Meike’s Top 10 Mystery Reads of 2019

2019 was a fantastic year for crime fiction and I constantly found myself rearranging my TBR pile in an attempt to read as many books as possible. Below are a few I particularly enjoyed—I hope you’ll check them out!


  1. The Swallows by Lisa Lutz

I’ve been a huge fan of Lutz’s work since The Spellman Files series so I couldn’t wait to get my hands on this one. New teacher Alex Witt arrives at a second tier boarding school and uncovers secrets that have the potential to destroy the school, but Alex has secrets of her own and an unknown enemy who may know a little too much about them. This is a twisted and timely female revenge fantasy, and a must-read for fans of MysteryPeople darling Megan Abbott.

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  1. Your House Will Pay by Steph Cha

Cha brings a unique perspective to racial conflicts in L.A. while spinning a propulsive noir mystery. In the wake of yet another policy shooting involving a black teenager, a shocking crime brings together two families—one African-America, the other Korean-American immigrants—who are forced to deal with a long-buried secret. An explosive and dark thriller that you’re going to see on just about every top 10 list this year!

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  1. Lady in the Lake by Laura Lippman

Pampered Jewish housewife Maddie Schwartz walks out on her family, determined to create a life with meaning. She helps the police solve a murder which leads to a job with the afternoon newspaper. When the body of a young black woman is found floating in a park, Maddie seizes the opportunity to make a name for herself by reporting on the investigation. What I loved most about this one is the unique structure—the story is told from the shifting viewpoints of a variety of characters which only someone as gifted as Lippman can weave so seamlessly.

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  1. The Book Artist by Mark Pryor

The first book in Pryor’s Paris-based Hugo Marston series, The Bookseller, is perhaps the single title I find myself recommending more than any other—I love this series and want everyone to discover it! It features the straight-laced Texan Hugo—a former FBI profiler who now works as head of security for the US embassy in Paris—and his free-wheeling, hard-drinking, womanizing best fried Tom (who steps in to help out when less reputable crime-solving methods are necessary). In The Book Artist, bibliophile Hugo attends an art installation of sculptures created solely from rare books. When a museum guest is brutally murdered, Hugo steps in to help the police solve the murder—a task that gains urgency when they arrest someone whom Hugo feels quite certain is innocent. Meanwhile Tom has gotten himself into a difficult situation in Amsterdam, one that only Hugo can help resolve.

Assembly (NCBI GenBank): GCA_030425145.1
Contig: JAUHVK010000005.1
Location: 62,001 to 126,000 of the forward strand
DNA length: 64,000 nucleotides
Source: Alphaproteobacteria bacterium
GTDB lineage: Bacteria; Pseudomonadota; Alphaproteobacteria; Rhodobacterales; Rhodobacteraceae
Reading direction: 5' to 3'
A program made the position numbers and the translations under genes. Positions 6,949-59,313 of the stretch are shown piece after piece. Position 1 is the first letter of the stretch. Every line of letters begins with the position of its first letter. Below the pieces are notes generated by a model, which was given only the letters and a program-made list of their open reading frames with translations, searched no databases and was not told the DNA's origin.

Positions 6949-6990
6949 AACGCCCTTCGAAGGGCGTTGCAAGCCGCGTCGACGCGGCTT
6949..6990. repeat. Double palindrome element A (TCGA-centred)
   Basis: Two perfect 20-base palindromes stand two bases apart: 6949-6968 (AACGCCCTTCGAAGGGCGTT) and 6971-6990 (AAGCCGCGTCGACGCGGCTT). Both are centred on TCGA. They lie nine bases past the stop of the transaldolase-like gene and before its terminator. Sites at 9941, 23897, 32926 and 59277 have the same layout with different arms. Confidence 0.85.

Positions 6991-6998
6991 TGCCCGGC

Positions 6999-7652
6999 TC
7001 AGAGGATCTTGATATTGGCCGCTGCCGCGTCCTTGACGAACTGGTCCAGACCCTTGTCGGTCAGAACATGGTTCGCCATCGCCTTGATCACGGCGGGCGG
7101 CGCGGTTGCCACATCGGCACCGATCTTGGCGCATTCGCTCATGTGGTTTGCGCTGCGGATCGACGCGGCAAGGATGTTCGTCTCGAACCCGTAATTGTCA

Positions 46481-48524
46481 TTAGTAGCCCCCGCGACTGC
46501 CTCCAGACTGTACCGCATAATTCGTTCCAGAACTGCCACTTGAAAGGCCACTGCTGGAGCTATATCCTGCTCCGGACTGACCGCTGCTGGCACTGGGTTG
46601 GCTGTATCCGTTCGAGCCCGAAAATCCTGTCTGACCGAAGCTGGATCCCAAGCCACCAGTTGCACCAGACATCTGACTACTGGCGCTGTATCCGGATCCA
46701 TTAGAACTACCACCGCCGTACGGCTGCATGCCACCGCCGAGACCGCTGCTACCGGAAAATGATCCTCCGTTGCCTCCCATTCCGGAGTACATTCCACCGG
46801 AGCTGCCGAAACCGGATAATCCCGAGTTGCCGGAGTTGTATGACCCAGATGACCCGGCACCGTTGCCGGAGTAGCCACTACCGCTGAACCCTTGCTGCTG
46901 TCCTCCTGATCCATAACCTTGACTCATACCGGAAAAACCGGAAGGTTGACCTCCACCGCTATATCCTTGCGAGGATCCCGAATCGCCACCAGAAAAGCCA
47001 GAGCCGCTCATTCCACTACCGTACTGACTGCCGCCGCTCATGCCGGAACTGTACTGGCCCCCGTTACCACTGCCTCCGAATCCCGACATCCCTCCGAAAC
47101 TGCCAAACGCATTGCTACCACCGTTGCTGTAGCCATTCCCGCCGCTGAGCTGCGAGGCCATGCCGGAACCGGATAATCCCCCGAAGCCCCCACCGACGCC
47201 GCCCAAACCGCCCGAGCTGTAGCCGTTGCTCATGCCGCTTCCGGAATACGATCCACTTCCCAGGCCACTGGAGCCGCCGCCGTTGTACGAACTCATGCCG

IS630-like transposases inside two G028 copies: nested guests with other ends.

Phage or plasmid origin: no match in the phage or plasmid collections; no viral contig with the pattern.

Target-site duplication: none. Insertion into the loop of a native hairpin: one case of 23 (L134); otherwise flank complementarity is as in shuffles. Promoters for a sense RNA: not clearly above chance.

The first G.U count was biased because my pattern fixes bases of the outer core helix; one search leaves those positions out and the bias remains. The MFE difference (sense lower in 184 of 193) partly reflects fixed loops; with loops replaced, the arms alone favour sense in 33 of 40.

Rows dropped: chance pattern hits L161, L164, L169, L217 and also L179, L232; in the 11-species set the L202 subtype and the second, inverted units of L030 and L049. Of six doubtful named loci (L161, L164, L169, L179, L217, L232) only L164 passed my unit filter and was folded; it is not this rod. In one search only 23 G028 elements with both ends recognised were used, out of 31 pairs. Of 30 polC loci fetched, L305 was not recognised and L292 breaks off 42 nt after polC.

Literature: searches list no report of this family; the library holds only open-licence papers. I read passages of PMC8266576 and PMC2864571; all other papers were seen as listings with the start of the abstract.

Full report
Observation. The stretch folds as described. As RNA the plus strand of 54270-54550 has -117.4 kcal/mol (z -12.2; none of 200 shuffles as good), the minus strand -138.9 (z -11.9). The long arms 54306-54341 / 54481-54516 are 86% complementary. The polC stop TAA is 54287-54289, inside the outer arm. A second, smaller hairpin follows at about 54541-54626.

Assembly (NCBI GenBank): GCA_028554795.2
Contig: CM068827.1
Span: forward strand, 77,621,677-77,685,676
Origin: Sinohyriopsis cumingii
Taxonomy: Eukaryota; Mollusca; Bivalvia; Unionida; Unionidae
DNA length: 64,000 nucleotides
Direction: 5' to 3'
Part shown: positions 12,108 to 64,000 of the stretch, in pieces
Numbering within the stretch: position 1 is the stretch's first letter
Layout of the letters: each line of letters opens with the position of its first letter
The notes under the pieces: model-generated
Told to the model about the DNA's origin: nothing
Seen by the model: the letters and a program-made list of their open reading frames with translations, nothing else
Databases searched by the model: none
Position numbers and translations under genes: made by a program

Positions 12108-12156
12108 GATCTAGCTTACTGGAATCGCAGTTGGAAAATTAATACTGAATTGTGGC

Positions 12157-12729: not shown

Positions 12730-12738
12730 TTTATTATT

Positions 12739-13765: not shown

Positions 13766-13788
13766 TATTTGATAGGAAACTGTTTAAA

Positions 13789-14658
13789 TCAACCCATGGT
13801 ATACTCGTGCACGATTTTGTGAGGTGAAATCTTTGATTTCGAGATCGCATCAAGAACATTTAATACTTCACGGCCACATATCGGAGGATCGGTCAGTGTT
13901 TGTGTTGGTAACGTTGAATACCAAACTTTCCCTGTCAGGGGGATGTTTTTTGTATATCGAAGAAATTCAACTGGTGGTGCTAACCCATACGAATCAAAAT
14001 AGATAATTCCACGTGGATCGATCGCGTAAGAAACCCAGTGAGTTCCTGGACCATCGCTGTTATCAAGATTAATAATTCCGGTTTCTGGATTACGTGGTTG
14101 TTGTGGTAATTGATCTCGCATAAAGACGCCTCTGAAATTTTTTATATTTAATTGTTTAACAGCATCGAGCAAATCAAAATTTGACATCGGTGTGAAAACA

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  1. Never Look Back by Alison Gaylin

In the 1970’s, a teenage couple go on a 13-day crime spree which leaves a dozen victims dead before the killers die in a fire. But modern day true crime podcaster Quentin—whose own life was affected by the killings–has reason to believe that the female killer may have survived and sets out to find her. Meanwhile NYC film columnist Robin Diamond is dealing with her own issues—but when she gets a phone call from Quentin and then her home is broken into, she has to confront the fact that she may not know her mother as well as she thought. Gaylin weaves the various storylines, some of which are told in flashbacks and letters, brilliantly—we’re huge fans of hers over here at MysteryPeople and love getting her books into our customers’ hands.

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  1. My Lovely Wife by Samantha Downing

The lovely Millicent and her husband seem to have it all—a beautiful home in a prestigious gated community, successful careers, 2 great kids, and a marriage of over 15 years–but things have gotten a little stale in the bedroom. Most couples take a vacation or buy some “toys”—but this couple finds murder to be the best aphrodisiac. Any book that combines sex and murder is not to be missed!

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  1. Turn of the Key by Ruth Ware